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Malcolm Dobson

Malcolm Dobson creates sculptural and decorative ceramics influenced by buildings and structures and townscapes. An emotional  response to the romance, melancholy and mystery of abandoned, ruined or half-demolished industrial buildings is especially potent, and emerges through the use of architectonic forms suggestive of buildings rather than representing or reproducing them. Marks, multiple glazes and slips produce reminiscences of patterns made by architectural elements, weathered surfaces, signs and graffiti. The work portrays mood, feeling and emotion – in the words of Graham Sutherland “I found that I could express what I felt only by paraphrasing what I saw. ... the mysteriously intangible must be made immediate and tangible, and vice versa.”

Work is slab built, with the surfaces enriched with applied scraps of clay and impressions and marks made by tools and found objects. Slabs are either rolled, or cast using paperclay slip on small plaster slab molds (paperclay is a mixture of conventional clay and cellulous fibres, commonly shredded paper. It produces a clay that has a great deal of strength in its pre-fired state, and can be joined together when it is bone dry). Multiple glazes and slips are used to create textures and layers of colour echoing patterns made by architectural elements, the colours and textures of crumbling stone, rusting metal, and peeling & cracked paint. Cut-up transfers suggest worn signs and advertisements, and graffiti.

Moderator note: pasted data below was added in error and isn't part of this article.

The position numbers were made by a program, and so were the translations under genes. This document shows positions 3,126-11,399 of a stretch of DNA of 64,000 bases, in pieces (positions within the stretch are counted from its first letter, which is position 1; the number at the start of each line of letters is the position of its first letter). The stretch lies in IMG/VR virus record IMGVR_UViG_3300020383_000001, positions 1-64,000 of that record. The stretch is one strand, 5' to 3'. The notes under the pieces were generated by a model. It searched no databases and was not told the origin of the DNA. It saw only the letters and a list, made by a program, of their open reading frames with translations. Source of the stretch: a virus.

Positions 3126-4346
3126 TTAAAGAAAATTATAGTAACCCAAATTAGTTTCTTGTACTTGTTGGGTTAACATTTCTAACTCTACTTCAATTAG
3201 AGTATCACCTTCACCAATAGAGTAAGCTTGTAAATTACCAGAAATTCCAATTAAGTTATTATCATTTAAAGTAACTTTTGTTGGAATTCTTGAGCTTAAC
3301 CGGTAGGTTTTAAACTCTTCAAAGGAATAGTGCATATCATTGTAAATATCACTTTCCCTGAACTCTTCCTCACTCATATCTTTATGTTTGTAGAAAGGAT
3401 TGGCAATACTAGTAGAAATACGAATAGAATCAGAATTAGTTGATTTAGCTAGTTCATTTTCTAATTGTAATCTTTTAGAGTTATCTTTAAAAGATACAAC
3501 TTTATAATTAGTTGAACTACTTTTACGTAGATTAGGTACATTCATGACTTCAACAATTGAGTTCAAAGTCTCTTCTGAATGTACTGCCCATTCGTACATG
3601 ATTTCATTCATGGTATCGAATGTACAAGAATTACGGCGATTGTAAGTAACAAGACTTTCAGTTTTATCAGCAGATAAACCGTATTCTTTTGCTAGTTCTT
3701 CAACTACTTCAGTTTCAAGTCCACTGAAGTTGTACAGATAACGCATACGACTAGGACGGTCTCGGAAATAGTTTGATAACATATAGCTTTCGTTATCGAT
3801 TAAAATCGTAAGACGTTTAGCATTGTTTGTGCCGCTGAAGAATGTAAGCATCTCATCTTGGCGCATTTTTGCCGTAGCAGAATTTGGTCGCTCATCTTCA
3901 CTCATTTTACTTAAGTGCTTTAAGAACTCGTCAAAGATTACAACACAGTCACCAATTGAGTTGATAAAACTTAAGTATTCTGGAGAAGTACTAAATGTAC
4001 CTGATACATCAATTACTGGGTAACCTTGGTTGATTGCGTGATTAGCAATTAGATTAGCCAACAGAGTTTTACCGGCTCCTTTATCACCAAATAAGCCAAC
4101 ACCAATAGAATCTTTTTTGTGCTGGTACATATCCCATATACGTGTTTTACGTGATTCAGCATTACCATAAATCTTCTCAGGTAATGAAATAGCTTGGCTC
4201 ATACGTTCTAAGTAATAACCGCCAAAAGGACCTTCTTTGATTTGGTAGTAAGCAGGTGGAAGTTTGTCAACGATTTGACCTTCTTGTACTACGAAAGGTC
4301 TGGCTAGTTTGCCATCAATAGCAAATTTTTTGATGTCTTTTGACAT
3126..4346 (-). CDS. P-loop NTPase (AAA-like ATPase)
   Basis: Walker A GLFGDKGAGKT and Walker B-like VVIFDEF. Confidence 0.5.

The work is fired to stoneware temperature (c. 1260 C) in electric and gas kilns – the latter used for reduction firings.

Malcolm trained as a librarian, and started working with clay in evening classes in 1993. After moving to Scotland in 1994 he worked part-time as a librarian, devoting the rest of the time to ceramics, until he took early retirement in 2008.
He developed his knowledge of ceramics through reading, practice, workshops run by the Scottish Potters Association and while working as an assistant to Annabelle Meikle in Aberfoyle.

In 2003 he was accepted into the first group of students to study ceramics at the Glasgow School of Art through the part-time, distance learning course, graduating with a BA in 2009.

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